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View Diary: British torture memos (150 comments)

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    He has been saying this for a long time. This speech is a must read. He pulls on all the threads.

    In November 2002 I was sitting looking through MI6 intelligence material I saw some of which the markings indicated it was a re-release of CIA material passed on from another security service - from the text it was plain that was Uzbek. There were two intelligence reports; one about a threat to Samarqand - a city in Uzbekistan- from Tajik militants in the hills- Islamic militants who were supposedly going to sweep down and attack the city. We happened to know that this just wasn't true- the defense attaché had been there, we knew the places, there weren't training camps where it said there were. The second one was talking of the links between some Uzbek opposition group with Al-Qaeda and Osama Bin Laden - it was just the same formula that I had seen before. And I started thinking now has this been got through torture? How did it get here? Where did it come from? So I said to my deputy 'I want to go back to London and complain about this but I don't want to make a fool of myself so could you go and see the Americans because it's possible that they have a protocol in place to make sure that any information passed on by the Uzbek's doesn't come from torture. Perhaps Americans have to be present during Uzbek interrogation if the material is to be used by the Americans.'

    This of course is before Abu Ghraib when I rather naively felt that having Americans present at the interrogation would prevent people being tortured as opposed to helping to facilitate it. So She went and saw the CIA head of station in Tashkent and said to him' my boss has been worried that this intelligence might be obtained by torture' and he said to her 'well it probably is obtained by torture - we don't see that as a problem' She came back and reported to me so I went back to London saying' This material is nonsense and probably obtained by torture' London did not actually reply.

    I went back in February saying much the same thing and they called me back to a meeting in March 2003 where the foreign office legal advisor Sir Michael Wood said that it was not illegal to obtain or use intelligence material that had been got under torture. If you read the UN convention against torture it didn't say you couldn't do it- it said you couldn't torture people, it said you couldn't use material obtained by torture in court- it didn't say that you couldn't go to someone else who'd tortured someone, get the torture material off him and use it. I think it didn't say it because it didn't need to be said. Also he was ignoring article four of the convention which talks about complicity in torture. Basically if you are regularly obtaining material from a security service that is routinely practicing torture and you have a system of getting that material again and again then you become complicit. The foreign office argues to this day that it's ok to get the stuff. The official line is 'we do not torture and we do not instigate torture but it would be irresponsible to ignore material which is relevant to the war on terror.'

    If you really push them they'll say 'what if the Uzbek's suddenly gave us information that an airplane was about to crash into Canary Wharf? Would you really want us to ignore the information?' This of course discounts the fact the information's all not true anyway. It's all nonsense. It would be impossible through all that dross to pick out the true bits. I must admit I was completely flabbergasted, again possibly naively. I thought 'we're getting this material from people who have been tortured; obviously people in London don't realize that. When I point it out to them they will want to stop.'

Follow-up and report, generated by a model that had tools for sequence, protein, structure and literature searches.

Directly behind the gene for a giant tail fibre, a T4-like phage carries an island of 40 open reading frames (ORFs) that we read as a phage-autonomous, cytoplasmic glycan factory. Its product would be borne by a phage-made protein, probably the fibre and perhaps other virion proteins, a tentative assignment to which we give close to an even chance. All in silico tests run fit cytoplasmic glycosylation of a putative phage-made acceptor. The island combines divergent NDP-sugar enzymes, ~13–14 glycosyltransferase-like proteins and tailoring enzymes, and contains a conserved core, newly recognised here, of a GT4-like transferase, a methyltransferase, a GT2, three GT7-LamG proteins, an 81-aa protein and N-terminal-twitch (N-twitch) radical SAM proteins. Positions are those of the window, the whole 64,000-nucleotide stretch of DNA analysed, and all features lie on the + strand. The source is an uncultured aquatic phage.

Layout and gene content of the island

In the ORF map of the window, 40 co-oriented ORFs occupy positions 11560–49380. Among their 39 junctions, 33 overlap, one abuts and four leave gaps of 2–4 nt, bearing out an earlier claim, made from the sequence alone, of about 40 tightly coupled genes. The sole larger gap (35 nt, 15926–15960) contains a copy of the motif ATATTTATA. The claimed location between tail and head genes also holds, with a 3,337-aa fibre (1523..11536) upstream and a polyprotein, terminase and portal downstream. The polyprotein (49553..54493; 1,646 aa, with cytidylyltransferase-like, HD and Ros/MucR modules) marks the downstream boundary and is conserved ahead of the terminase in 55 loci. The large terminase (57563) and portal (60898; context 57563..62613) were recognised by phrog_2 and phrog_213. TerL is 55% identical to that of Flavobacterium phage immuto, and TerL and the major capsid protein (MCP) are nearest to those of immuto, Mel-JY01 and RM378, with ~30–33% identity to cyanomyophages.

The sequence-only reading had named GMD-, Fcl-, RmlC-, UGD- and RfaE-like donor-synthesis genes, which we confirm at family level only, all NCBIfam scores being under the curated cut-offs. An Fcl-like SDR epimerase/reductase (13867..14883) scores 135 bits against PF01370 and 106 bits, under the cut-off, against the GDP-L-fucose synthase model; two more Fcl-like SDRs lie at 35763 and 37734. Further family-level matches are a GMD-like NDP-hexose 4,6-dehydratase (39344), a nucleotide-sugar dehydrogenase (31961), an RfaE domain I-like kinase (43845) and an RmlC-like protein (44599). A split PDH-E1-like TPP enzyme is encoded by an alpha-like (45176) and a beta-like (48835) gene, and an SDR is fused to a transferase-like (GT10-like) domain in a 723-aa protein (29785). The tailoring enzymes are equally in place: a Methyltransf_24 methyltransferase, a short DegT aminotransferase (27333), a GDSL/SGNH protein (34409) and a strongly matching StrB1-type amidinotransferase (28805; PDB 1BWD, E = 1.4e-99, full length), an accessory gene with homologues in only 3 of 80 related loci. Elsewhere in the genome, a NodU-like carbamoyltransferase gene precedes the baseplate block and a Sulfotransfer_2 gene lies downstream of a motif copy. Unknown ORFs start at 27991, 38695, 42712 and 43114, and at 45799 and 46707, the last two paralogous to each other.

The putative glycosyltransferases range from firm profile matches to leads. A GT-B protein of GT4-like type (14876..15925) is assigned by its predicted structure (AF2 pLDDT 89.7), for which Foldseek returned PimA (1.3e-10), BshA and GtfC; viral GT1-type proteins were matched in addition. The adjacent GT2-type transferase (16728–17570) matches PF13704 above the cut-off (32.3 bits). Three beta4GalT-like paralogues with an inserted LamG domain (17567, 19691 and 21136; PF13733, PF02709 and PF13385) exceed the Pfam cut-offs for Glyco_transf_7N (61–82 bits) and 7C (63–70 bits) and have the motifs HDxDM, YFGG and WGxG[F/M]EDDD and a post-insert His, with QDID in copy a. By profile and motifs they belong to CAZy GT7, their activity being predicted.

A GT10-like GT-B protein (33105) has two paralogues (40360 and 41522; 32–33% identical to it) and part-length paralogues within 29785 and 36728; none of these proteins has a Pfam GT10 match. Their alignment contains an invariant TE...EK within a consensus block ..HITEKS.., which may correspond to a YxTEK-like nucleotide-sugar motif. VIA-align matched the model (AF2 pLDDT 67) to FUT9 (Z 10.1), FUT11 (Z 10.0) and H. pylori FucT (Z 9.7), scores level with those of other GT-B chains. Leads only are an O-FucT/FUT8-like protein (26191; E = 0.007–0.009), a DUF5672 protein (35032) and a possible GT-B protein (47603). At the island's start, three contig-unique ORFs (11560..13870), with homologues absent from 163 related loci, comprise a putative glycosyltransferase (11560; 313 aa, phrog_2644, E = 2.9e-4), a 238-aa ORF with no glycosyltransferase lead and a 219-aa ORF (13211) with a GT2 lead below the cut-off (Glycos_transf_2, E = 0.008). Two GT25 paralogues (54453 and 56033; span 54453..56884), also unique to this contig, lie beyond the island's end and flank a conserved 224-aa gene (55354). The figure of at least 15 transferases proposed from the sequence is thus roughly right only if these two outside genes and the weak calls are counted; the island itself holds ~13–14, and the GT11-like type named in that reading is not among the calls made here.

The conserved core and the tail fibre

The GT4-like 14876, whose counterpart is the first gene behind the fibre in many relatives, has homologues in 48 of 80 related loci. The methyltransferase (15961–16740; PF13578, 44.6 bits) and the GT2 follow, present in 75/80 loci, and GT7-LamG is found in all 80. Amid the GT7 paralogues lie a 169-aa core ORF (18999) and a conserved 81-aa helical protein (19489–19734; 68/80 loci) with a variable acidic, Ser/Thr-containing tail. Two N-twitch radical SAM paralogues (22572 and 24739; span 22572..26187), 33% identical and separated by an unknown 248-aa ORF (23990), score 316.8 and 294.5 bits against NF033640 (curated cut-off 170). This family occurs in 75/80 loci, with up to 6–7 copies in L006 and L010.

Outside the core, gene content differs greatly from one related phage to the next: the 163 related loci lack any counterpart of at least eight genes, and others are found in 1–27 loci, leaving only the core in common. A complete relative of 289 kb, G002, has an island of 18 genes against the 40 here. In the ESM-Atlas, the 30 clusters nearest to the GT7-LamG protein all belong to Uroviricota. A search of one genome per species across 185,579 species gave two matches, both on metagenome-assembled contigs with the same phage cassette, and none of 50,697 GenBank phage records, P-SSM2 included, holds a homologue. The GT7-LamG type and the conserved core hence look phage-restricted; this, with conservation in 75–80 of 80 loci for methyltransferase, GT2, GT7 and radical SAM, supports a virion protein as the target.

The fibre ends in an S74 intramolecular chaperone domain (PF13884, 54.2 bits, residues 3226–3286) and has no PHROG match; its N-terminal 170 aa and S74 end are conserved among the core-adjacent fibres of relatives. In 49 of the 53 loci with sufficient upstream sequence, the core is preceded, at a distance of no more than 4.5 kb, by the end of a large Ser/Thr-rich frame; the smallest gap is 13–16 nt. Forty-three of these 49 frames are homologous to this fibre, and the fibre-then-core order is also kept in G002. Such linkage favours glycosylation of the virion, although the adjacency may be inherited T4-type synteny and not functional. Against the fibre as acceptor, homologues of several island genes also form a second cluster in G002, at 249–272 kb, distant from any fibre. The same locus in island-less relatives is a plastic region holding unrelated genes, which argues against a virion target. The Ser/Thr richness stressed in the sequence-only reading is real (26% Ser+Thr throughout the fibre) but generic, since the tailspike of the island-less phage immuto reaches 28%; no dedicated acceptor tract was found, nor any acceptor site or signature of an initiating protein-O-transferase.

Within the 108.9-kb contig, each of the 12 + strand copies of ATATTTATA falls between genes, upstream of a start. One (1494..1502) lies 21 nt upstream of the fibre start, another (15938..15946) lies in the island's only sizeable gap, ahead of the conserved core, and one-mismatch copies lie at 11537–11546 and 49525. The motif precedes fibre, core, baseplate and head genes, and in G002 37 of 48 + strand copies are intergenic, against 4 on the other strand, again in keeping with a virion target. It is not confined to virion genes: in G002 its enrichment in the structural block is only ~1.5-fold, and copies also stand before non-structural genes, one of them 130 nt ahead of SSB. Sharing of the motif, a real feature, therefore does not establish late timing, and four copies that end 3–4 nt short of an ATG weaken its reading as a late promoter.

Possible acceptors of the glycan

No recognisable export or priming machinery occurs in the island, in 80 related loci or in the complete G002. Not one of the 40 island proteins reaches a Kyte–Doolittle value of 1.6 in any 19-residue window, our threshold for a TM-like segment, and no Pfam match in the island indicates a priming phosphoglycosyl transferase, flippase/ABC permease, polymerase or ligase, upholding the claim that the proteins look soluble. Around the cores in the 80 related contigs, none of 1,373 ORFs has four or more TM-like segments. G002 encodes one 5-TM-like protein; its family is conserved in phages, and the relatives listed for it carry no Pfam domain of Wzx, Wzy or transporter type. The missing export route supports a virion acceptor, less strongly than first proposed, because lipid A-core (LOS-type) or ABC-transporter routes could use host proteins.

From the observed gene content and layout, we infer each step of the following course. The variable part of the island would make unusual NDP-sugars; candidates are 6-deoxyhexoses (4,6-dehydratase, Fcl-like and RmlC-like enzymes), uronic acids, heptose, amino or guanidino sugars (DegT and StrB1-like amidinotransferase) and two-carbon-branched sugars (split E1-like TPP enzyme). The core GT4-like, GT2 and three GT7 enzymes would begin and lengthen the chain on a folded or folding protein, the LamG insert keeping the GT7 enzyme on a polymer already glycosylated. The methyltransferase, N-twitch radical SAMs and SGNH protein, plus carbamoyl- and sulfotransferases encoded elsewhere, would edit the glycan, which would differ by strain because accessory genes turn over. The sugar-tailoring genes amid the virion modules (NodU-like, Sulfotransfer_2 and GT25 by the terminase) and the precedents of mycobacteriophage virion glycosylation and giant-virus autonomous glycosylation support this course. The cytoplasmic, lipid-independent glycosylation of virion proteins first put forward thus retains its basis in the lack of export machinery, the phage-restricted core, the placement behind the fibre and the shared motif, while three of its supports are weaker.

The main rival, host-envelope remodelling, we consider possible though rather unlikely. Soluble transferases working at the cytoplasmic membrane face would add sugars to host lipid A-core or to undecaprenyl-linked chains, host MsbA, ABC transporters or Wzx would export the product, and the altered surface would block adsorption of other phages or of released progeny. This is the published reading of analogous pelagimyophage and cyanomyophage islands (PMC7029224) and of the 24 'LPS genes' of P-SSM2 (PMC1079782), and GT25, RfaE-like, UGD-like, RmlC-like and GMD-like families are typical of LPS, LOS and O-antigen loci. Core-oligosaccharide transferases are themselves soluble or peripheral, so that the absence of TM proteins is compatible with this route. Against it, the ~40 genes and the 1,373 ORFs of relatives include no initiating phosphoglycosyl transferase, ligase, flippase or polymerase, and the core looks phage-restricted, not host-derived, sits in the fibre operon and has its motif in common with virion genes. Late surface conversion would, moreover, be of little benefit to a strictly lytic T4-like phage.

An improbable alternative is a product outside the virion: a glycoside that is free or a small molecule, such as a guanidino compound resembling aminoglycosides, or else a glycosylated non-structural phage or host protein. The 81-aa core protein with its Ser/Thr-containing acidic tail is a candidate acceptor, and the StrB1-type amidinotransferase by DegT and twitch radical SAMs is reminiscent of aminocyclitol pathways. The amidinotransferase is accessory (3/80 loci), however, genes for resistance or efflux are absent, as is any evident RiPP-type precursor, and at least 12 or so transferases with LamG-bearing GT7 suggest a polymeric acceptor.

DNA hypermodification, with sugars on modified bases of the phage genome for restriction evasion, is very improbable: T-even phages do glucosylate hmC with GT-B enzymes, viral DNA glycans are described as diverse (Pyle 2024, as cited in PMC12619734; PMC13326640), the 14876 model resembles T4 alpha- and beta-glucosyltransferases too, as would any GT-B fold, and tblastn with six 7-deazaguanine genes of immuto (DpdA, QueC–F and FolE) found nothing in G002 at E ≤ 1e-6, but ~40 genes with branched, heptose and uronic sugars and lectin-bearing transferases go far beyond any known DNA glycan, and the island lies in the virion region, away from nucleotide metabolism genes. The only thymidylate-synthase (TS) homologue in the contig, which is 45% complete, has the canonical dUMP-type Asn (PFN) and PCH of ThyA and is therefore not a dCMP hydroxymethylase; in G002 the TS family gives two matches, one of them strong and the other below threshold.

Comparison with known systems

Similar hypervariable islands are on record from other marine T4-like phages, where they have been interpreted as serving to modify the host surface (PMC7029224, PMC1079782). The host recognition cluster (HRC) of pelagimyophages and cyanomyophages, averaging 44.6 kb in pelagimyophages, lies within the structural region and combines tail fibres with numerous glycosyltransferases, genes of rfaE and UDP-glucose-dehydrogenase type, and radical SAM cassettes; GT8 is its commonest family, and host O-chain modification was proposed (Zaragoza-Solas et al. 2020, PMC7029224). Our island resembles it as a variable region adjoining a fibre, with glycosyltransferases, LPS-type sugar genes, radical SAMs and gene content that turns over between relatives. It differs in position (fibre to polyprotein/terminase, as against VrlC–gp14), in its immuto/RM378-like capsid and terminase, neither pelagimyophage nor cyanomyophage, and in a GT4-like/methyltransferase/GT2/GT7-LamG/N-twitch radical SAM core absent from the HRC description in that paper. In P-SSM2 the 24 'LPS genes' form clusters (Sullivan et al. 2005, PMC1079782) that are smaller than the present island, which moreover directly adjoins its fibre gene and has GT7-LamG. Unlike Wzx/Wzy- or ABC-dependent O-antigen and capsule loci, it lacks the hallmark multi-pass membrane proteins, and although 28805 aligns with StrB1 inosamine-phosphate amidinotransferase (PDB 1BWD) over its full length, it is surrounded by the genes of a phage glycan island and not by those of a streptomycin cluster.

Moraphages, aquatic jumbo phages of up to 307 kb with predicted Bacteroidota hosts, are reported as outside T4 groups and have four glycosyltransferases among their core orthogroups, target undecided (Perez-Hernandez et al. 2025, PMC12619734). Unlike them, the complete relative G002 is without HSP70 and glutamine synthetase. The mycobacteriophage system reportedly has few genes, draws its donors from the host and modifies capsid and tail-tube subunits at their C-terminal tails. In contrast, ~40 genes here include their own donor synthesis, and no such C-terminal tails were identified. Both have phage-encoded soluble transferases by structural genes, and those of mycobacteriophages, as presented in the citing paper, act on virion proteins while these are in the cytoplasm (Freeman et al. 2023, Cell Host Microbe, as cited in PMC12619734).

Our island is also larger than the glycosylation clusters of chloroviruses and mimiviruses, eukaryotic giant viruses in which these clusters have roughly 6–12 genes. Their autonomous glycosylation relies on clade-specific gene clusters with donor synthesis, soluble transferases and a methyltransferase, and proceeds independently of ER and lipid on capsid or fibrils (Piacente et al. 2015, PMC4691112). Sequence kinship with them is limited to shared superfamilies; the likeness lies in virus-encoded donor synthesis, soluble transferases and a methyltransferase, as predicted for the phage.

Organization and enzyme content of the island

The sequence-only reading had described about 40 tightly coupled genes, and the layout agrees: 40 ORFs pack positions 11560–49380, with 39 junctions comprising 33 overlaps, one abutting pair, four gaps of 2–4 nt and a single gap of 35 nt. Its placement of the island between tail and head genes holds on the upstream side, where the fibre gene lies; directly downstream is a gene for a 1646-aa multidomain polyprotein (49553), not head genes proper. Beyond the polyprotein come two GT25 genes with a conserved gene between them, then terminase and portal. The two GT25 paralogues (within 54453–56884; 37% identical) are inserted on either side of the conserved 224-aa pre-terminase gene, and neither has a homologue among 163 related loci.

This of course was not the case. At this stage they got very annoyed, they seemed particularly annoyed that I was saying that the intelligence wasn't any good. I don't think I helped myself by pointing out that the dossier on Weapons of Mass Destruction was rubbish too. They seemed very fond of intelligence that was rubbish. So they didn't find that very conciliatory. But it's a very important point; you have to ask yourself why do the intelligence services like material?

    I told you the story of my mate Tom and Stephan; the dossier on weapons of mass destruction which contained 152 articles all of which turned out to be untrue, every bloody single one of them. Almost all of those had come from paying wadges of cash to dodgy informants. Not only that they were getting the information they wanted to hear. They wanted to hear that Saddam Hussein was a terrible threat; they want to hear that the opposition in Uzbekistan are all linked to Al-Qaeda and all want to blow up Canary Wharf. Why? Well if you're going to be totally cynical you'd say that whether subconsciously or not the truth is the bigger the threat out there the more we need the security services, the more they need massive budgets and resources and pay increases and toys to play with. And you have to ask 'who benefits?' Well they benefit, they benefit. They also benefit government by providing these excuses for Tony Blair to stand up in the house of commons and say 'because I am responsible for the safety of all the people in the UK we can abolish freedoms that have existed in this country since Magna Carta. They benefit from this edifice of lies, and lies gained through torture. There are people still today in Belmarsh prison who have been in there for three years without charge, without trial. Without even being told what they are accused of, on the basis of intelligence material.

    It is good that this comes back out now though. Hopefully people will be more likely to listen. This man deserves our support.

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